Kieran of Saighir

St. Kieran of Saighir was born in Ireland, Historians believe he was born in the fifth or sixth century perhaps around 501  His father’s name was Laighne, and his mother was Liadain. At that time, the Irish were non-Christians. There are many legends about Kieran’s life. One says when his mother was pregnant with Kieran, she had a dream that a star fell from heaven and came to rest on her. People said this meant the baby she carried would have a special purpose. 

When Kieran was a child, he was kind and gentle. He loved animals, and they trusted him. Several of the stories about St. Kieran tell of his ability to tame wild animals, and he is often shown with a badger, a doe, and a fox. 

Kieran wanted to learn more about God.  When was thirty years old he went to Rome. He spent several years there, studying. Kieran was baptized a Christian and later ordained a priest. Many stories say that St. Patrick met with Kieran in Rome and commissioned him to return to Ireland and build a monastery. He is known as one of the Twelve Apostles of Ireland. One legend tells of St. Patrick giving Kieran a bell that rang for the first time when he reached the sight of a holy well in Saighir, where he built his church. This became known as a sacred place, and many of the ancient Kings of Ossory were buried there.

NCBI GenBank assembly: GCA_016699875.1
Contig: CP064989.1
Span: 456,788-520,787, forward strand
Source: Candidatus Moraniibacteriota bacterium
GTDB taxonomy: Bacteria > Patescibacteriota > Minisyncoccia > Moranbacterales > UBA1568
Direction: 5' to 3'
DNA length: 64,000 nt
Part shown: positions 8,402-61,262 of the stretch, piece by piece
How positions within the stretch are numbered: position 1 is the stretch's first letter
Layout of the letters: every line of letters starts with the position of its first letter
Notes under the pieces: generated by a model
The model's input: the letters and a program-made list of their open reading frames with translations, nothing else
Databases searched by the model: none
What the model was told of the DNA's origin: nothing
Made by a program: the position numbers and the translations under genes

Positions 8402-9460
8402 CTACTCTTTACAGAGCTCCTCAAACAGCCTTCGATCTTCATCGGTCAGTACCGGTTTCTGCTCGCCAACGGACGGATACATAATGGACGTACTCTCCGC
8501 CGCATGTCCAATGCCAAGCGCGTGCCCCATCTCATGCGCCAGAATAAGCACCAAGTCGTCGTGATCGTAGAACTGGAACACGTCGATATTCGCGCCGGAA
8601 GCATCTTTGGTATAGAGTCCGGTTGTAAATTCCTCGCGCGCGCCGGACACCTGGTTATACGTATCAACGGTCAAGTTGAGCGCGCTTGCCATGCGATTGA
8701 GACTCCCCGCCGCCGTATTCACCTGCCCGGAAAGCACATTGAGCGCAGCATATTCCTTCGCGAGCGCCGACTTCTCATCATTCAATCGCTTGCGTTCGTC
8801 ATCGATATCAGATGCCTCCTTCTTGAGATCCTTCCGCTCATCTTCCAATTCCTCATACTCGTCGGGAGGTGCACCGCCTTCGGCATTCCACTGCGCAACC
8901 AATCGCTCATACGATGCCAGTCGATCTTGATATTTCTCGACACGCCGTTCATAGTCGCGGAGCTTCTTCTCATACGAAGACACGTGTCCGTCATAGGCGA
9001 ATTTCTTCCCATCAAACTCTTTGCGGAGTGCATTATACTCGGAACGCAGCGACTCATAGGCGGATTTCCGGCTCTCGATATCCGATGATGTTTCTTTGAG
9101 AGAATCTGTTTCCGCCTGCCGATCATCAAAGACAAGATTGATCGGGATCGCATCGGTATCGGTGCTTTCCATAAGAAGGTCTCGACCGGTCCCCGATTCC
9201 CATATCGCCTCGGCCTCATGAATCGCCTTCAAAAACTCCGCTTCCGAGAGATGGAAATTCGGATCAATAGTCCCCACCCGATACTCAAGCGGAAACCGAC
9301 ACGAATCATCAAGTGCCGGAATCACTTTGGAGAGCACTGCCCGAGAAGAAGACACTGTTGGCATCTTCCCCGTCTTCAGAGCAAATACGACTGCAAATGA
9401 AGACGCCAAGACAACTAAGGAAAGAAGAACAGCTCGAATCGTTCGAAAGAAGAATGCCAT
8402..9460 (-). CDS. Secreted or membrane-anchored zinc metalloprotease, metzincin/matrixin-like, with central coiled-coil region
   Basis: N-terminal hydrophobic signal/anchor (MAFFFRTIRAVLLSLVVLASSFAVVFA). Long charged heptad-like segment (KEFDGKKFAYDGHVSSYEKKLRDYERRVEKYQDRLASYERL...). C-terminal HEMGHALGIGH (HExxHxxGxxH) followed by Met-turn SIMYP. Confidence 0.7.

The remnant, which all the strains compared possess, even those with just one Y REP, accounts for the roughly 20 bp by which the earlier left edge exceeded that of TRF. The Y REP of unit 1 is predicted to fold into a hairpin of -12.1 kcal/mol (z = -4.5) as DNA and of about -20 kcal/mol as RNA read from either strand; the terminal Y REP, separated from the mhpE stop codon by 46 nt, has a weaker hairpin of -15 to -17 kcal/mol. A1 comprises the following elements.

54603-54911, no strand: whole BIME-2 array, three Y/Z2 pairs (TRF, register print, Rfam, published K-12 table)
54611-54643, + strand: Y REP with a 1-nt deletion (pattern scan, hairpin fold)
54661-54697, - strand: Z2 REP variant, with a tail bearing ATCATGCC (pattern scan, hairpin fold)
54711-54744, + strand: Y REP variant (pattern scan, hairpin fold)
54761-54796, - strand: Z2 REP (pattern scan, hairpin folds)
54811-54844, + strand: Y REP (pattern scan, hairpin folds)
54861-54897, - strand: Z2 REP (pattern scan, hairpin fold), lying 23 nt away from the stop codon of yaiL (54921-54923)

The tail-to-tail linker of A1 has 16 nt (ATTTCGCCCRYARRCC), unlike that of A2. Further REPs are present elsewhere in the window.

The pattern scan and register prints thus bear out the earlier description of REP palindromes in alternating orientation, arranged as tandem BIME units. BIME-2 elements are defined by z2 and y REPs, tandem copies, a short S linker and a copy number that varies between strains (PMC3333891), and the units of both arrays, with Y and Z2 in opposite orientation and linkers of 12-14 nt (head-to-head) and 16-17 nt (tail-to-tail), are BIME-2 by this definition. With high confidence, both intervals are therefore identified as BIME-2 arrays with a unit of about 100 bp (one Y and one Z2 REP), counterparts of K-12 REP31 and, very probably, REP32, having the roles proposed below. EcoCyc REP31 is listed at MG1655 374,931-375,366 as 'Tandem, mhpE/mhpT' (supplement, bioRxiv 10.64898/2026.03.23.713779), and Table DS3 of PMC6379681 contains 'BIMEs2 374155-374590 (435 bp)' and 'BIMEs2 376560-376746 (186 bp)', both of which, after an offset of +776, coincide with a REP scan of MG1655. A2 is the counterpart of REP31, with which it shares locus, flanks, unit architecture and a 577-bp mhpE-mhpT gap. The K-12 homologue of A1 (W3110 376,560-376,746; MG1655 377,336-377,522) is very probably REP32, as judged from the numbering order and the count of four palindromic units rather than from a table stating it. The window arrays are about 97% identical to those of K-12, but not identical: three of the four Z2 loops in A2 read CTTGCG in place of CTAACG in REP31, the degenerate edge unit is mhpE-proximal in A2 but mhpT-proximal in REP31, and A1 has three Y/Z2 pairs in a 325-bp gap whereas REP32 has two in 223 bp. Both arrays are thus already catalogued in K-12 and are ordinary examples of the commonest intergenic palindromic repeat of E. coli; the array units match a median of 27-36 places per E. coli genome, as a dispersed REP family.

Legend tells that Kieran had hoped to live a life of solitude, and upon his return to Ossary he dwelt in a cave where he spent much of his time in prayer. As the story goes, he befriended the animals who come to him when they were sick or hurt. People began to hear of his powers of healing. He ministered to the people and soon had a following. Kieran built a monastery in Ossary, and the town of Saighir grew up around it. Kieran served the people as Bishop of Ossory until his death. Kieran is the first person born in Ireland to be canonized as a saint.  He died in 530.

The ruins of the original church, the well-round fountain, and other holy sites related to St. Kieran can be seen today in Saighir, Ossory, Ireland. In Ireland, his name is spelled Ciaran, pronounced “Kigh-ran” of “Sigh-gear.” He is also called St. Kieran the Elder, to distinguish from Saint Kieran of Clonmacnoise.